(401e) Accurate Continuation of Multi-Dimensional Fem Calculations Involving Drop Breakup beyond the First Singularity
AIChE Annual Meeting
Wednesday, November 15, 2006 - 1:30pm to 1:45pm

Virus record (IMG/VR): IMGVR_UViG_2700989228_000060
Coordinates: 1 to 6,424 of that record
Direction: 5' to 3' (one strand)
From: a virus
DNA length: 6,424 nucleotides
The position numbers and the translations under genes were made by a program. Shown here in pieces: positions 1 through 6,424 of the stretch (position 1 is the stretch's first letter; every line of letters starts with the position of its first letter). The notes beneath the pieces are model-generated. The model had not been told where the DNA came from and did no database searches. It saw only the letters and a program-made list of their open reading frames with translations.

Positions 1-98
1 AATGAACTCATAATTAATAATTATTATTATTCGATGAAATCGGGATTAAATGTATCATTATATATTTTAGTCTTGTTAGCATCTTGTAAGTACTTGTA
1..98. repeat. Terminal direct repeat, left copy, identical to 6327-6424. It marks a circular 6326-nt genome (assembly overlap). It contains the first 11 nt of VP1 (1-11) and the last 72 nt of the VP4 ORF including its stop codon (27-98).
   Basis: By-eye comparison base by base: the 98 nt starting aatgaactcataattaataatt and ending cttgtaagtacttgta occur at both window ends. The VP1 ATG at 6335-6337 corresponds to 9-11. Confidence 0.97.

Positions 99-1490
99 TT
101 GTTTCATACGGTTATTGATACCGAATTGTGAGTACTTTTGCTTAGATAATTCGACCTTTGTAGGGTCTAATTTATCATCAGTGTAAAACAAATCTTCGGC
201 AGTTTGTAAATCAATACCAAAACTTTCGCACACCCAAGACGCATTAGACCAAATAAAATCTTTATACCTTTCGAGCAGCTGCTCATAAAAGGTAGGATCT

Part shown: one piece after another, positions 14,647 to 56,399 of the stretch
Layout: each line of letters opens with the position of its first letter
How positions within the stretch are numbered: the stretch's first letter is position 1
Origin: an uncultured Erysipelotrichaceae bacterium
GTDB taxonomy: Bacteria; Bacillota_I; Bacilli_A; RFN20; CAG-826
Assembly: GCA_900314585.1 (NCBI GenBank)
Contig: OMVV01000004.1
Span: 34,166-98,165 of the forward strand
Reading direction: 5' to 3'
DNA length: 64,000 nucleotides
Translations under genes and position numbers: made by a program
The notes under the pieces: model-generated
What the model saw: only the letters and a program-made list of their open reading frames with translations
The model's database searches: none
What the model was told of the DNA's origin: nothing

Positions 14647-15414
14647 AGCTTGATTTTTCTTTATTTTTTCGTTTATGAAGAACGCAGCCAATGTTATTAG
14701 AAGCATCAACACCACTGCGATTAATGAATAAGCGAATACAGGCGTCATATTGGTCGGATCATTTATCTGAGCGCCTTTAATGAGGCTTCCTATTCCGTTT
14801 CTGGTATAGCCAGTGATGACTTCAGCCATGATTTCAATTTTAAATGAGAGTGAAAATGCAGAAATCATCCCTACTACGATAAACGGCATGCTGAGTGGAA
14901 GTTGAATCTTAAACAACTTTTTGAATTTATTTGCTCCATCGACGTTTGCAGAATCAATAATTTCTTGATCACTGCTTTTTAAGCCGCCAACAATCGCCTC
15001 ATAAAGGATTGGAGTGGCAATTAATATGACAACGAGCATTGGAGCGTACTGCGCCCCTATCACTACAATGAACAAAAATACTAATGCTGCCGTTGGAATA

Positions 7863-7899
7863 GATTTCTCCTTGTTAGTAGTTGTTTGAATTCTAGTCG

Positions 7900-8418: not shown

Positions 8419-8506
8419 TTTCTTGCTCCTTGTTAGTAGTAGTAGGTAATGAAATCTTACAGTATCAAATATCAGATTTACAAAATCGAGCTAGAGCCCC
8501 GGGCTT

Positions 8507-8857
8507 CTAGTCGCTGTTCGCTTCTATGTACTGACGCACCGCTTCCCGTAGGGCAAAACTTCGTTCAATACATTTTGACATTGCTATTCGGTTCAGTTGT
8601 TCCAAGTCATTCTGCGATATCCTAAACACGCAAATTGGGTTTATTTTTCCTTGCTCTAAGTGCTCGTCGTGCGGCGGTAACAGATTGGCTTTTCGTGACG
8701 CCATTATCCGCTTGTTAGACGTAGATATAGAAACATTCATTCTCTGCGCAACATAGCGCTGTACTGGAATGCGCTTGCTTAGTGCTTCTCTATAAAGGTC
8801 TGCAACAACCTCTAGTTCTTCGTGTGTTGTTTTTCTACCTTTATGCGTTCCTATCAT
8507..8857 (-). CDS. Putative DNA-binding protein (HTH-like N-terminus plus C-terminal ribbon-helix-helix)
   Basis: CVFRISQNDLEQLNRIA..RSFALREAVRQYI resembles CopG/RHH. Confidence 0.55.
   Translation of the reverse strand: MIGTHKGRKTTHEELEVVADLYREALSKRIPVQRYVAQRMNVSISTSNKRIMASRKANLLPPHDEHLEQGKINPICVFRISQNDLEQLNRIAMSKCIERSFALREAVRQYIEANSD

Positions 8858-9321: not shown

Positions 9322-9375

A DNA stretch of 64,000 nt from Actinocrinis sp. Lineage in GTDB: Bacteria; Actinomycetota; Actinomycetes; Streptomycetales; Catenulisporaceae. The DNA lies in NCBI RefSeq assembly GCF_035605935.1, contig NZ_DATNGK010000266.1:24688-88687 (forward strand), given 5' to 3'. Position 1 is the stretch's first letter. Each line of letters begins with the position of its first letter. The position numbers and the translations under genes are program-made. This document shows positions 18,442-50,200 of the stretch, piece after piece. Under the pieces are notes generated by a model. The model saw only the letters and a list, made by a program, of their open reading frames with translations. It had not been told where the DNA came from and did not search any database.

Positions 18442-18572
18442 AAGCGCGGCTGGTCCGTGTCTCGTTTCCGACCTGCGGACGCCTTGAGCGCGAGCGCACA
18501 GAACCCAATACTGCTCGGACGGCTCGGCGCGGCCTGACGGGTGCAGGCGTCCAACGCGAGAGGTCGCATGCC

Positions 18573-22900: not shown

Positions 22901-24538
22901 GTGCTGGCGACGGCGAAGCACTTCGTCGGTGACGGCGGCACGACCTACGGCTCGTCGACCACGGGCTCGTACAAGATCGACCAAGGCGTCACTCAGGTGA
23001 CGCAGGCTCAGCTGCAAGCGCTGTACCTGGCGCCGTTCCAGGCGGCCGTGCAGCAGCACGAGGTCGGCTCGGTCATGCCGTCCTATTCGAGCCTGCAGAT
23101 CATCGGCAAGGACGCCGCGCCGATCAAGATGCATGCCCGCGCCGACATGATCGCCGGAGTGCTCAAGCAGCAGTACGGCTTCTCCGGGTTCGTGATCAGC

Phenomena involving interface rupture and drop breakup are of common occurrence in nature and technology. The generation of a mist from a waterfall, and the dripping of water from a leaky faucet and the formation of drops in an ink jet printer are just some well recognized examples of such phenomena. Computational analysis of how a drop breaks is therefore essential for advancing the scientific understanding of so-called pinch-off singularities and developing new technological applications. A prototypical example of drop breakup is the formation of drops of an incompressible Newtonian liquid from a tube. As more liquid flows from the tube into the drop, the drop elongates and thins. At the incipience of breakup, a spherical mass ? the precursor of the primary or main drop ? is connected to the rest of the liquid hanging from the tube by a thin thread ? the precursor of one or more satellites. Numerical algorithms designed to capture this phenomenon at finite Reynolds number have been of two types: one type has been based on the finite element method (FEM) and the other has been based on various diffuse interface techniques such as the volume of fluid method (VOF). Numerical solutions must agree with scaling solutions of interface pinch-off, which are exact solutions of the nonlinear Navier-Stokes equations in the vicinity of breakup, and experiments. To date, the diffuse interface type approach has been more popular because it is relatively easy to use and can predict the formation of several drops in sequence. However, predictions made with the diffuse interface type approach are typically too coarse to accord with predictions of analytical scaling theories and at best agree qualitatively with experiments. By contrast, predictions made with FEM algorithms have been shown to be in excellent agreement with both scaling theories and measurements. However, such algorithms have heretofore been able to simulate the dynamics only until the instant of first breakup (Chen, Notz, and Basaran, Phys. Rev. Lett., 2002; Notz and Basaran, J. Fluid Mech. 2004; and Liao, Franses, and Basaran, Phys. Fluids, 2006). Here we describe a new FEM algorithm to predict the dynamics of formation of an arbitrary number of drops in sequence and carry out high-speed visualization experiments to follow the dripping of many drops in succession from a tube. The accuracy of the new algorithm is confirmed by verifying that its predictions accord with both scaling theories and agree with 1% experimental error with the new measurements. The new calculations open the door for the possibility of theoretically predicting the fluid mechanics of leaky faucets which until now has been possible using reduced-order models based on the slender-jet approximation that may be accurate over only selected regions of the space of parameters governing the dynamics (Fuchikami et al., J. Phys. Soc. Jpn., 1999; Ambravaneswaran et al., Phys. Rev. Lett., 2000; 2004; Coullet et al., J. Fluid Mech., 2005 ; Subramani et al., Phys. Fluids, 2006).